Good morning brothers and sisters!
I want to welcome you all here to St. Louis, Missouri. I know that for many of you, just getting here was quite a journey and required long lines and longer flights. Thank you for making such a big effort to join us at the 2017 AFL-CIO Convention.
All of us in this room represent the beating heart of the global labor movement. Yet this movement is much bigger than we are. It extends beyond this hall and past our international borders.
We come from different countries and social and political realities, yet we share a deep belief that everyone who works for a living has our same basic economic interests and the same values. Workers here and around the world need decent work, and we need to be able to speak freely with a unified voice in our unions to win a life of dignity.
And I am sure that many of you want to hear about how working people are responding to the administration of President Trump.
Sadly, during this past year, it has become clear that President Trump has no intention to follow through on the commitments he made to working people during his campaign.
You can go down the list of promises and priorities, from health care to trade, infrastructure investment to tax cut proposals, and just about everything else, and you see an administration that sides every time, with the interests of Wall Street and the rich and powerful. And not with the working people of this country.
You can see from the proposed cuts to funding for global engagement and the proposals to build walls … and limit the number of refugees and immigrants coming to our country … that this administration does not value the global community.
As working people, we know the value of systems, whether in the workplace, our cities or towns, our nation or the world.
We don’t rely on vast wealth to make things happen. We count on integrity, on the rule of law, on strong multilateral systems that ensure peace and security and the protection of rights.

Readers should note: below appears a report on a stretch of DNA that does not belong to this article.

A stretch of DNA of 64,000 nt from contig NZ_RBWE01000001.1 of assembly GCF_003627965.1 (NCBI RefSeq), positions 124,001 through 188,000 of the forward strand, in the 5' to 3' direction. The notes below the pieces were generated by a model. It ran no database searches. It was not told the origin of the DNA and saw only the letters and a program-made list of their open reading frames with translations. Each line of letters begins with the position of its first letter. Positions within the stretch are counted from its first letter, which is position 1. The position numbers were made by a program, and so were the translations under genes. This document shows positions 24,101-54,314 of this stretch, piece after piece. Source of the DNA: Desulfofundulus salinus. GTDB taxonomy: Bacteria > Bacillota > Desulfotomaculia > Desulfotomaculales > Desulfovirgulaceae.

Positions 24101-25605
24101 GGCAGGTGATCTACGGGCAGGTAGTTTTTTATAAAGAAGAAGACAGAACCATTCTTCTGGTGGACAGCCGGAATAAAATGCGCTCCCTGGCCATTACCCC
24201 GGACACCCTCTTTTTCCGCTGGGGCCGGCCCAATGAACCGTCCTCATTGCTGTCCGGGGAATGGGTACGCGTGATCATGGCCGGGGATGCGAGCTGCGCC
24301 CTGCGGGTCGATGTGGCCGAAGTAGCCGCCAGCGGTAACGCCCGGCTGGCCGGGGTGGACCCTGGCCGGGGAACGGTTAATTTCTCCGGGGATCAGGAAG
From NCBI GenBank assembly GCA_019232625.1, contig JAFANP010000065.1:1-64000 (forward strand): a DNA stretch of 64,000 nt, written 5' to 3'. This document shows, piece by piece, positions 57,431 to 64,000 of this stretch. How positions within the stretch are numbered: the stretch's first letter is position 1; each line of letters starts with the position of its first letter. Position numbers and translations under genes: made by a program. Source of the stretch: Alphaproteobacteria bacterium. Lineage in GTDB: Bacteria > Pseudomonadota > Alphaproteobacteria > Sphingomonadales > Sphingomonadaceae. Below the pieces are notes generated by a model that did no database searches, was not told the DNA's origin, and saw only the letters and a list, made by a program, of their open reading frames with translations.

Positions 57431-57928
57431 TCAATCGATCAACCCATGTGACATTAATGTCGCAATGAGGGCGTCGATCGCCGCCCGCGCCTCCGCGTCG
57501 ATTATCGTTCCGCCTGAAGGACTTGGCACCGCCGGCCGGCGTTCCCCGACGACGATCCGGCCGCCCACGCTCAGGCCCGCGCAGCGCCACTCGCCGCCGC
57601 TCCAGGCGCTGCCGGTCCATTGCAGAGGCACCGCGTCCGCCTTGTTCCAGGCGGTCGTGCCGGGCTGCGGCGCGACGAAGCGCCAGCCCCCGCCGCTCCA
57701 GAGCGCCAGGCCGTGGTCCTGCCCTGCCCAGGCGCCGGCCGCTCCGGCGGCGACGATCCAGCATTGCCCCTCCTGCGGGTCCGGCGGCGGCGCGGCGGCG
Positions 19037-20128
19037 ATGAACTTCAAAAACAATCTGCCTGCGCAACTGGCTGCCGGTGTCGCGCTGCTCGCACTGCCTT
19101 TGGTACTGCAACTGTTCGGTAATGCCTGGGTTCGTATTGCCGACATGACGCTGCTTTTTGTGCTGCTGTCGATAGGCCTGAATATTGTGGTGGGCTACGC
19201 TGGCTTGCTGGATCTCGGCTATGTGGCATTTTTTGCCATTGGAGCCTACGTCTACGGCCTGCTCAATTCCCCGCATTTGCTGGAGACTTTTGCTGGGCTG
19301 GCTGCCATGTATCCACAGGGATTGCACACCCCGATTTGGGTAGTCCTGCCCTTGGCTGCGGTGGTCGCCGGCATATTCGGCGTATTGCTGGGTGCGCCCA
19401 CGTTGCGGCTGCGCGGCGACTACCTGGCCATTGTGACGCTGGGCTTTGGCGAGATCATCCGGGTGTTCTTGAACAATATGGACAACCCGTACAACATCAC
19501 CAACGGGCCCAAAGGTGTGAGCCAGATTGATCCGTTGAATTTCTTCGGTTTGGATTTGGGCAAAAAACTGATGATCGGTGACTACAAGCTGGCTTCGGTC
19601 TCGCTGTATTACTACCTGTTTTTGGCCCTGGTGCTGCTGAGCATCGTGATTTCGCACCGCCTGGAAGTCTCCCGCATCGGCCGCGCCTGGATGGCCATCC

The attempt by this administration to weaken global engagement is hurting workers, the environment, and our ability to create a more just global economy.
That’s why the AFL-CIO is deeply committed to continuing our work to strengthen the global labor movement. The need is as great as it ever has been, and so is our resolve.
We will continue to build a strong effective movement that can fight for improved working conditions and for greater social justice.
It won’t be easy. We need to take on the policies backed by all the money on Wall Street, and at the same time, we need to take on racism and right-wing populism, that is often linked to white nationalism.
This racism, sexism and bigotry… is the worst kind of evil in our world, and does not represent the true values of America.
Confronting and marginalizing the deep-rooted and ugly racism that continues to affect our country and this very city where we’re talking today, is critical to our movement’s agenda.
As you may know, today we will have a conference dedicated to building a diverse and inclusive movement, and we will continue that discussion throughout the convention.
I hope you will join in the conversation, and share some of your own experiences and challenges in your efforts to overcome racism, sexism, homophobia and xenophobia.
Brothers and sisters, you have arrived in a city that is rich with labor history. St. Louis was the site, it is generally recognized, of the first general strike about 140 years ago in 1877. The strike began among railroad workers and quickly grew into a mass movement, with thousands of workers in a host of different industries.
Those brothers and sisters—our founders—advocated for the 8 hour work day and an end to child labor.
Today, St. Louis continues the fight for justice and workers’ rights. Our unions and allied organizations are working together every day to shape an agenda for greater equality.
And that’s why every four years at the AFL-CIO convention we recommit to our priorities. We come together to unify and strengthen our movement, so that we can continue together to improve the lives of working people.
Our priorities include continued engagement in global organizing campaigns and a bold, forward-looking strategy to shape the future of work.
Listen, when it comes down to it, we’re doing exactly the same thing the leaders of our movement did … so long ago here in St. Louis, and in so many cities and countries around the world.
The economic rules today aren’t working for us. I don’t care if you pick bananas in Guatemala or sew shirts in Bangladesh, if you’re an autoworker in Detroit or Mexico City. We’re working harder and harder for less and less, because the rich and powerful have written the economic rules for too long.
We’re ready to take it back. We’re ready to win what we need. We want work to pay. We want decent lives for ourselves and our children. We want a secure retirement and health care when we get sick.
These aren’t luxuries. These are the basics, and they’re not too much to ask. We make the beds. We build the roads. We teach the classes and we lift the loads. We do the job. We never run and hide. We are the organized workers of the world and we will not be denied!
Thank you. God bless you. Thank you again for coming. It’s great to have you.